"I don't understand why he (Gallagher) stopped the game, because we had the advantage," Tigana said. "We could have scored and it changed the game. Why was there no yellow card? If the player had been sent off, we could have put another striker on. I tried to ask the referee, but he didn't want to speak to me."
A bizarre episode was compounded by other mistakes, blatant or otherwise. While Tigana would not dwell on it, there was more than a hint of offside to Middlesbrough's first goal, scored in the 26th minute by Alen Boksic, pleasing to the eye though it was.
An attacking partnership of Boksic and Benito Carbone, paired together for the first time since the latter signed on loan from Bradford City, was viewed as a necessary gamble in the light of the Croatia striker's frustrating injuries and McClaren's inability to summon goals.
Boksic has seldom played with the vim and vigour that he dredged up against Fulham and, having run across the Fulham defence after collecting a diagonal pass from Carbone to check into the penalty area, his chip over Edwin van der Sar was exquisite.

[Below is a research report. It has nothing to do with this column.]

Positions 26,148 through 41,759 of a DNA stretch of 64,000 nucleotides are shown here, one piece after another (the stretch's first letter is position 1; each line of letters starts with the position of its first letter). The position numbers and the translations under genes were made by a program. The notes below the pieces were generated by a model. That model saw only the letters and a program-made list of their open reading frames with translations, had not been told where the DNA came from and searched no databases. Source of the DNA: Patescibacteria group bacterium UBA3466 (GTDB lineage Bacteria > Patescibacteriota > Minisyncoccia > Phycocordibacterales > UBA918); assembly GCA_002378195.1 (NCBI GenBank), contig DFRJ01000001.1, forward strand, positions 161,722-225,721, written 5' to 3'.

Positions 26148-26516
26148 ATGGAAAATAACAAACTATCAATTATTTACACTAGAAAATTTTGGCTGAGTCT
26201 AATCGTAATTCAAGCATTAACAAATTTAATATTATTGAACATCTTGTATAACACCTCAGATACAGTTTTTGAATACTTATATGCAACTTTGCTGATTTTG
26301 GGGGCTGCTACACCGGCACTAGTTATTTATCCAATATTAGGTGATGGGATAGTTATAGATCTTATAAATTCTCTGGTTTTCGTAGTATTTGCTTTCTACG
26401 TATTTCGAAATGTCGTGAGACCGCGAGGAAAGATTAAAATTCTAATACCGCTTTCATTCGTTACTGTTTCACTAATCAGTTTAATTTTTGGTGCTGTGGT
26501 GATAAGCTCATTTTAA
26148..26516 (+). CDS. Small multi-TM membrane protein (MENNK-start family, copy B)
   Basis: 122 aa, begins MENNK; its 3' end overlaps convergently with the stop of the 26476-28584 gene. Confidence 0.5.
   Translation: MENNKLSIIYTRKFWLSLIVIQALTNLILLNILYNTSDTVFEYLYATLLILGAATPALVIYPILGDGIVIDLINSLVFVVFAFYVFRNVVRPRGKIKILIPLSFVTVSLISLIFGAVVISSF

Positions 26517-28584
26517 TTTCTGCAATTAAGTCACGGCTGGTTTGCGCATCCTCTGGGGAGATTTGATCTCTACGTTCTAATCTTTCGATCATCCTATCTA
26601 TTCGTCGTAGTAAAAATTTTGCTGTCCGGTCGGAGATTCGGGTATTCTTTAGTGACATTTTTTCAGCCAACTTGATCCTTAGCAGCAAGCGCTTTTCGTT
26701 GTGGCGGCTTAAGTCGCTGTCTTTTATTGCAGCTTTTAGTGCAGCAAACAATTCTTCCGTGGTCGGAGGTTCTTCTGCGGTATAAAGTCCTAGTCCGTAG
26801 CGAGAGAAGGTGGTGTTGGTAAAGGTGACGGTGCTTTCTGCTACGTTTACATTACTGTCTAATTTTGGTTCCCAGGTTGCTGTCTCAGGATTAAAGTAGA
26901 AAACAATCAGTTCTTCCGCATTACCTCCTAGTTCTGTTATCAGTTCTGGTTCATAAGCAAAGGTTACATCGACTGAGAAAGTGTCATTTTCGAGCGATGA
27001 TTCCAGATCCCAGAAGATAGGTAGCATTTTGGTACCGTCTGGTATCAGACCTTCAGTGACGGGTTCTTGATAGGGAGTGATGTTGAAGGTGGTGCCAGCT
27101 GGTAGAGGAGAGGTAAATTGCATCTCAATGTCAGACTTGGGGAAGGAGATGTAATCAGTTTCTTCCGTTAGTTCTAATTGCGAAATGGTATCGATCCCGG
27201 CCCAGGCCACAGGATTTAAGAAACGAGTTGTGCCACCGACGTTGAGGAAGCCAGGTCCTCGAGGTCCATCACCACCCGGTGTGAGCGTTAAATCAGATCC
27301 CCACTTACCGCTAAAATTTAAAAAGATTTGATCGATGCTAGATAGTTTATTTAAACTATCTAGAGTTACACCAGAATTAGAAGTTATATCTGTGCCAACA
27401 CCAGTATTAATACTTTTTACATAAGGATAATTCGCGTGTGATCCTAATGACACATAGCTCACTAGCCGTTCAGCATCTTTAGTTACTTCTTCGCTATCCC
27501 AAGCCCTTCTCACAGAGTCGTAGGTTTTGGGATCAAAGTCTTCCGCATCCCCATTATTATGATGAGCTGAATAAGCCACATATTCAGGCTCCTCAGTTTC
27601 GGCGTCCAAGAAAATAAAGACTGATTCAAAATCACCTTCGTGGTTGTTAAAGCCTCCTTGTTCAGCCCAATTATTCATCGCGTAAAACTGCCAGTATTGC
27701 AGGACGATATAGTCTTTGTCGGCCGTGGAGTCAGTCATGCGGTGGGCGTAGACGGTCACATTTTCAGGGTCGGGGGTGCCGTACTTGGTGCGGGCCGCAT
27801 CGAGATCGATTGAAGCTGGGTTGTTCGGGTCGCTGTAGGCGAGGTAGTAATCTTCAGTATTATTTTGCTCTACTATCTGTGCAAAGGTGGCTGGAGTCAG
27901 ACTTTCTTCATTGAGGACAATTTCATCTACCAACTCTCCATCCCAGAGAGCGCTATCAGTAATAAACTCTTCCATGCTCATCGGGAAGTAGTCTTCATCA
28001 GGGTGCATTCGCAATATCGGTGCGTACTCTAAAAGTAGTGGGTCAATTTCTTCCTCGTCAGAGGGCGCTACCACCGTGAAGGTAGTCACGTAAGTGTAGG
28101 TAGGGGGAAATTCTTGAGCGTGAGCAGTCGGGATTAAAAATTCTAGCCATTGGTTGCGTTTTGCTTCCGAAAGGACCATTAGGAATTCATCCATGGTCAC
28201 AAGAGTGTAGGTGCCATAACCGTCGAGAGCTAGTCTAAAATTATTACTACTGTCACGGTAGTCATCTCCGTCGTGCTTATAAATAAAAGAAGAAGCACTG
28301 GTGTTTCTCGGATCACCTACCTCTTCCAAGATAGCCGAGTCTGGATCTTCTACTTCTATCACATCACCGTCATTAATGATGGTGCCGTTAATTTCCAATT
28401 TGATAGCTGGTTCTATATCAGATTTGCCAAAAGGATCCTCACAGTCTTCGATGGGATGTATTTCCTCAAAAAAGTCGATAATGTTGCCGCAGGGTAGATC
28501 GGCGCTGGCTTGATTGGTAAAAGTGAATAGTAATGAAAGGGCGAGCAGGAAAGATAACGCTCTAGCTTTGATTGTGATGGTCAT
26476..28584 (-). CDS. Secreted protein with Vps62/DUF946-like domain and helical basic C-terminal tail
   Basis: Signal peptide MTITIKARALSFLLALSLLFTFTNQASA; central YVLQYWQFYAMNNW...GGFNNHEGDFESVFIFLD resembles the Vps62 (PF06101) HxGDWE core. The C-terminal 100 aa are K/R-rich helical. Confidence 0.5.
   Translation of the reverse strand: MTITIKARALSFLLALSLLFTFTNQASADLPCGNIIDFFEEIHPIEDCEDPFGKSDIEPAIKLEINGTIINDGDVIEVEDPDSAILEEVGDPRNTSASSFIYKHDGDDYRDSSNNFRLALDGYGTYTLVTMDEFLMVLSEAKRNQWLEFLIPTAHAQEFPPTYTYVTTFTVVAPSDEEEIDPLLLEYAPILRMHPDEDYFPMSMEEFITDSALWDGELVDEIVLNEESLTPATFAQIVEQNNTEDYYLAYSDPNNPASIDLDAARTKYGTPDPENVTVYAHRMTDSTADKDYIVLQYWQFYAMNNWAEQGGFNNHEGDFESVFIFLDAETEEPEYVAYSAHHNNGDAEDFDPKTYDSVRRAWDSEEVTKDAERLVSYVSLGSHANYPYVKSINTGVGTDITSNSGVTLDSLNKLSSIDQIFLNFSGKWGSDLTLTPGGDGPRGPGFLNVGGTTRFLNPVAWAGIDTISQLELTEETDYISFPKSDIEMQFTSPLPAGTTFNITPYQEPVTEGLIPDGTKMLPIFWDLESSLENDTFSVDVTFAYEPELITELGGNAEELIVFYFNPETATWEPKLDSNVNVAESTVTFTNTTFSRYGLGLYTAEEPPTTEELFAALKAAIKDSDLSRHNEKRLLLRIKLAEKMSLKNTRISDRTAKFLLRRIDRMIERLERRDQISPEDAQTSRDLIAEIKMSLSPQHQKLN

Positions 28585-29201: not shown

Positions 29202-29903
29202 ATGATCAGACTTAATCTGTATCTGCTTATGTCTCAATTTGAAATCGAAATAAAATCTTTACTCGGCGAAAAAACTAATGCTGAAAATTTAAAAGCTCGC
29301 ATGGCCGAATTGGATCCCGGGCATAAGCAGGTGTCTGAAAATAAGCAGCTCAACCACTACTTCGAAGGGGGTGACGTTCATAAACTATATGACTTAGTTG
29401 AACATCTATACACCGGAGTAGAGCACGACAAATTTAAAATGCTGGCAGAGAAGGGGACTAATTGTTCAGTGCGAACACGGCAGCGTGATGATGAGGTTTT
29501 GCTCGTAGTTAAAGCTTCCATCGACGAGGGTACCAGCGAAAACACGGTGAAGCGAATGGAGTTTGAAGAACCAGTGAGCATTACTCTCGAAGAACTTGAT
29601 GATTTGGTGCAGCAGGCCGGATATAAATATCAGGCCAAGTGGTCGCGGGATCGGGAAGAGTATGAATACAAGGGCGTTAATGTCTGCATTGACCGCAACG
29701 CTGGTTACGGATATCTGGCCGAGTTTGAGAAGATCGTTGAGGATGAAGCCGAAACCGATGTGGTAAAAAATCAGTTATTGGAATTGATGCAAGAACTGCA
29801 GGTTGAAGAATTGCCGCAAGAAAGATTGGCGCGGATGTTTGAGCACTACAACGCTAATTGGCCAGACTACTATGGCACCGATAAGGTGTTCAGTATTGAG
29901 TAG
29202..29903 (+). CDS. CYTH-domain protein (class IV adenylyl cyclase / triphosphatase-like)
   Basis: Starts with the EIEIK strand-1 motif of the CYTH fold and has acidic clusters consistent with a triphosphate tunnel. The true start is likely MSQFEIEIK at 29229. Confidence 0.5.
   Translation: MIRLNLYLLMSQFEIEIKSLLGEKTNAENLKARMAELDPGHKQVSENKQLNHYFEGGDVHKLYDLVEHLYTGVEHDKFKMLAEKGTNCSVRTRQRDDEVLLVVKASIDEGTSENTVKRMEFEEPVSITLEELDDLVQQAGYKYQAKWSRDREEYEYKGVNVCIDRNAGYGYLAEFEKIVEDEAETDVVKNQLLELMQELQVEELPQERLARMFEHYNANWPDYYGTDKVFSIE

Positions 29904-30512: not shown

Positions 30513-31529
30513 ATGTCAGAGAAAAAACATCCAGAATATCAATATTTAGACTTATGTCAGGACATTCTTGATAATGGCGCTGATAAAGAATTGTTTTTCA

Some effervescent football from McClaren's team, as well as a goal against the division's most niggardly club, had offered encouragement. There were flashes of brilliance from Carbone - whose substitution was roundly jeered - and perspiration, epitomised by Paul Ince, elsewhere, but, as so often in the past two years, hesitation was close behind.
As their nerves grew, triggered by an edgy crowd, Alain Goma headed on Steed Malbranque's inswinging corner in the 57th minute and Steve Marlet equalised, completely unmarked, from close range. The same combination might have mustered another goal shortly afterwards, had Mark Schwarzer not saved brilliantly from Marlet.
Suddenly Middlesbrough rediscovered themselves. Ugo Ehiogu struck the crossbar with a firm header and, in the 77th minute, Szilard Nemeth - irony of ironies, Carbone's replacement - capitalised on some fine work by Jonathan Greening and Boksic to tear forward and slip his shot inside the near post. Middlesbrough are unbeaten in their past eight matches but remain a team of contradictions.